The next thing you need to take into consideration is the size. Think about where you’re actually going to put the damn thing. Take measurements and then check the spec sheets of each generator; you’ll probably rule out quite a few because they won’t fit. If you decide you need 3000W but can’t find a generator small enough to fit, there are models such as the Honda 2200 Companion that can be tethered together so that two of them can run in parallel.

Finally, think about run-time. If you buy a tiny little generator with a half-gallon gas tank, are you really going to want to be running out there and filling it up multiple times a day? There are ways around this though, see below.

Our recommended Setup


As mentioned above, generators are largely a PITA compared to solar. So, investing in enough solar to run your electronics and appliances, and buying a generator strictly for running your air conditioner is the best route.

So, what’s the magic formula? It looks like this:

Honda EU2200IC Companion + Auxiliary Gas Tank + MicroAir SoftStart = Awesome
Why the Honda EU2000IC Companion?

Because it is a sweet little machine that can be had for around $1,000. It’s small and can fit in almost any storage space, and it’s capable of being tethered to a second EU2000IC if you decide you need more power in the future. It’s very light weight and you will barely hear anything from the inside of your rig when it’s running.

Here’s a link to it on Amazon.

Is 2000 watts enough to run my air conditioner? If you ask this question in your favorite Facebook group the answer will overwhelmingly be ‘no’. But, those people aren’t as well-informed as you are about to be. The secret to running your AC on a 2000W generator is the EasyStart.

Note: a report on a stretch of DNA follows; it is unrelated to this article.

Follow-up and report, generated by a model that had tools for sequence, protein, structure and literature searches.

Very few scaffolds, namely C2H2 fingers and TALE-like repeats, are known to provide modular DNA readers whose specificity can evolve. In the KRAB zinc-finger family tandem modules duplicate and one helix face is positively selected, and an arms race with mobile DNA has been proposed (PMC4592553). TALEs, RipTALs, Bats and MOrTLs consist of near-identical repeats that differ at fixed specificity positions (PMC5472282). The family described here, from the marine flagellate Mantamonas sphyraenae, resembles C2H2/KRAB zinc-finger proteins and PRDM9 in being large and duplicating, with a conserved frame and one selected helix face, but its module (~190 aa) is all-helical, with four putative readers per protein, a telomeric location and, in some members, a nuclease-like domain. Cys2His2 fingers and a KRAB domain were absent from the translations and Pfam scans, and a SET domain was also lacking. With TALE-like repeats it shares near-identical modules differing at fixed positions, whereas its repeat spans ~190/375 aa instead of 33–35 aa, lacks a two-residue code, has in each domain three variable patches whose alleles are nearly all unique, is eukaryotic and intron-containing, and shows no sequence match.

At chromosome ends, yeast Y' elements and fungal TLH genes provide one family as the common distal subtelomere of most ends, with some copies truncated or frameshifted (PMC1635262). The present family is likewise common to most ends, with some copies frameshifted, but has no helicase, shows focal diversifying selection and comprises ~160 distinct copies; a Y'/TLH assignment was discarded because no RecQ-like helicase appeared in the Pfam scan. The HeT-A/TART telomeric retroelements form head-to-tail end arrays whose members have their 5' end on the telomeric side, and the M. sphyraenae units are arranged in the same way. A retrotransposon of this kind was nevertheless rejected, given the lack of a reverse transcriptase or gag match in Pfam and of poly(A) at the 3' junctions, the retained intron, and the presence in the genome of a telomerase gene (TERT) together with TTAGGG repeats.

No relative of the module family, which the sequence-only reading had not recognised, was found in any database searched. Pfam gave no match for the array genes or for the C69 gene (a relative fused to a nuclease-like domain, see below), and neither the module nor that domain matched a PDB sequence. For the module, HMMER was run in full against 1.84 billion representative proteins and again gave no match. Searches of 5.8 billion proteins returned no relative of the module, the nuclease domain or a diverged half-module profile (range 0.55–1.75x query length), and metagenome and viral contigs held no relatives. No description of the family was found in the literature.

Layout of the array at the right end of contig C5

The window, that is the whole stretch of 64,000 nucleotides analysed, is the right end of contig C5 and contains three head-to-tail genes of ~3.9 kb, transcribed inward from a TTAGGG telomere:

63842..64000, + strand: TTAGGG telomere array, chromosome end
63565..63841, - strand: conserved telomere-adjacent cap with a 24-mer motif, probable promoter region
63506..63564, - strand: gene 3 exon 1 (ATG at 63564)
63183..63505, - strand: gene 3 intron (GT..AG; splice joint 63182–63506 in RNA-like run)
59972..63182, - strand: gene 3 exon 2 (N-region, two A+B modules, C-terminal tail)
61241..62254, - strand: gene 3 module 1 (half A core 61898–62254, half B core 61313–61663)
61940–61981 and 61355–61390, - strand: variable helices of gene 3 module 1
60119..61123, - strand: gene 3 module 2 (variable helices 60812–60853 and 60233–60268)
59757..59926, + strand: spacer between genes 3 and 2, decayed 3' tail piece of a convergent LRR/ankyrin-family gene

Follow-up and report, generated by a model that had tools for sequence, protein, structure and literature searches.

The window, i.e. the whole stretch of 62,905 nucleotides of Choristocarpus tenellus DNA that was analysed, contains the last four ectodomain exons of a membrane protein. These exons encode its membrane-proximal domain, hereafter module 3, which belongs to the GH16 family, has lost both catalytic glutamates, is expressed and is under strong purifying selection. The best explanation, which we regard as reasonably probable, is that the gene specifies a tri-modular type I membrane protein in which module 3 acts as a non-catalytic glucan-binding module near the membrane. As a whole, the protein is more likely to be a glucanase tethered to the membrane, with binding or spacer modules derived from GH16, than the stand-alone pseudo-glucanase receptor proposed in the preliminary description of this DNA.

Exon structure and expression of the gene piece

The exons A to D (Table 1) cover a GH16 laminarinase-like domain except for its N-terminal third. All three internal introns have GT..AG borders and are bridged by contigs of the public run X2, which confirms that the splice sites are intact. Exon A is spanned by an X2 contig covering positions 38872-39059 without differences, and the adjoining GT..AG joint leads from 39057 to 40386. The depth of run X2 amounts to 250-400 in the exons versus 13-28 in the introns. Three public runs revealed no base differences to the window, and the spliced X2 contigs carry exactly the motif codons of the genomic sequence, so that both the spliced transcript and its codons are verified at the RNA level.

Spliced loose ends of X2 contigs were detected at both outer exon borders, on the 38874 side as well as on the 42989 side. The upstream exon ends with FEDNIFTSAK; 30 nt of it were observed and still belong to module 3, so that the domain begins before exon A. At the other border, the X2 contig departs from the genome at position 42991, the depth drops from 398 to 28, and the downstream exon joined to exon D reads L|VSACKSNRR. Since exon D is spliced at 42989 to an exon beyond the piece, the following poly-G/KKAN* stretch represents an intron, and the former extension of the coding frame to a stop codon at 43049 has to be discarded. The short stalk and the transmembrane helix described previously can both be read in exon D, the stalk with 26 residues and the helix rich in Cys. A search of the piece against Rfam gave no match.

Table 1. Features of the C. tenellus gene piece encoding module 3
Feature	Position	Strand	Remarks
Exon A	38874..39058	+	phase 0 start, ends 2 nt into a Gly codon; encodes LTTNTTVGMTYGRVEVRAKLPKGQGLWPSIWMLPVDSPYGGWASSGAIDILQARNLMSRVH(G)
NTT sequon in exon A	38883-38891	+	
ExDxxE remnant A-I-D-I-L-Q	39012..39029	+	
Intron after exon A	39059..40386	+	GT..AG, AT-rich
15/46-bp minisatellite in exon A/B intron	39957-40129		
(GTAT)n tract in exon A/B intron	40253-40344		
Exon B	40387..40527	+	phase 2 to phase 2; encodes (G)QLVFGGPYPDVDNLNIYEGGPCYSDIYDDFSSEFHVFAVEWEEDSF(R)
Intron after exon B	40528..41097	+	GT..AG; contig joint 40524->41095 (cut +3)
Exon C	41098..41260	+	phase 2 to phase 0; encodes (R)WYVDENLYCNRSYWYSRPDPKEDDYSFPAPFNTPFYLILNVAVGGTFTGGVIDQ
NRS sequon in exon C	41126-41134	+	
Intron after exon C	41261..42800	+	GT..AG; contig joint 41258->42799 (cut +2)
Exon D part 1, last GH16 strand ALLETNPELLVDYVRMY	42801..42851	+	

Why the Auxiliary Gas Tank?

Honda 2000 Generator With Auxiliary Gas Tank

Because the EU2200IC holds less than a tank of gas which is only 3 hours of run-time at full load (which you’ll be at if you’re running your AC). By hooking this puppy up to your generator you can get a full day of AC if you need it.

Here’s a link to it on Amazon.

What is This MicroAir EasyStart Business?

MicroAir EasyStartThis is the secret sauce that makes the world go ’round on a 2000W generator. Most 2000W generators can run your AC, they just can’t START it. When an air conditioner first starts up it sucks a TON of amperage; more than your generator can provide. It’s only for a brief second, and then it settles down into something manageable with a small generator. The EasyStart gets you over this momentary hurdle by slowly ramping up the juice. $300 gets you a little gray box that you wire into your air conditioner. It may sound scary but once you get to the actual install, you realize that most RV AC units are identical and the EasyStart has just four wires that you need to connect.

Here’s a link to it.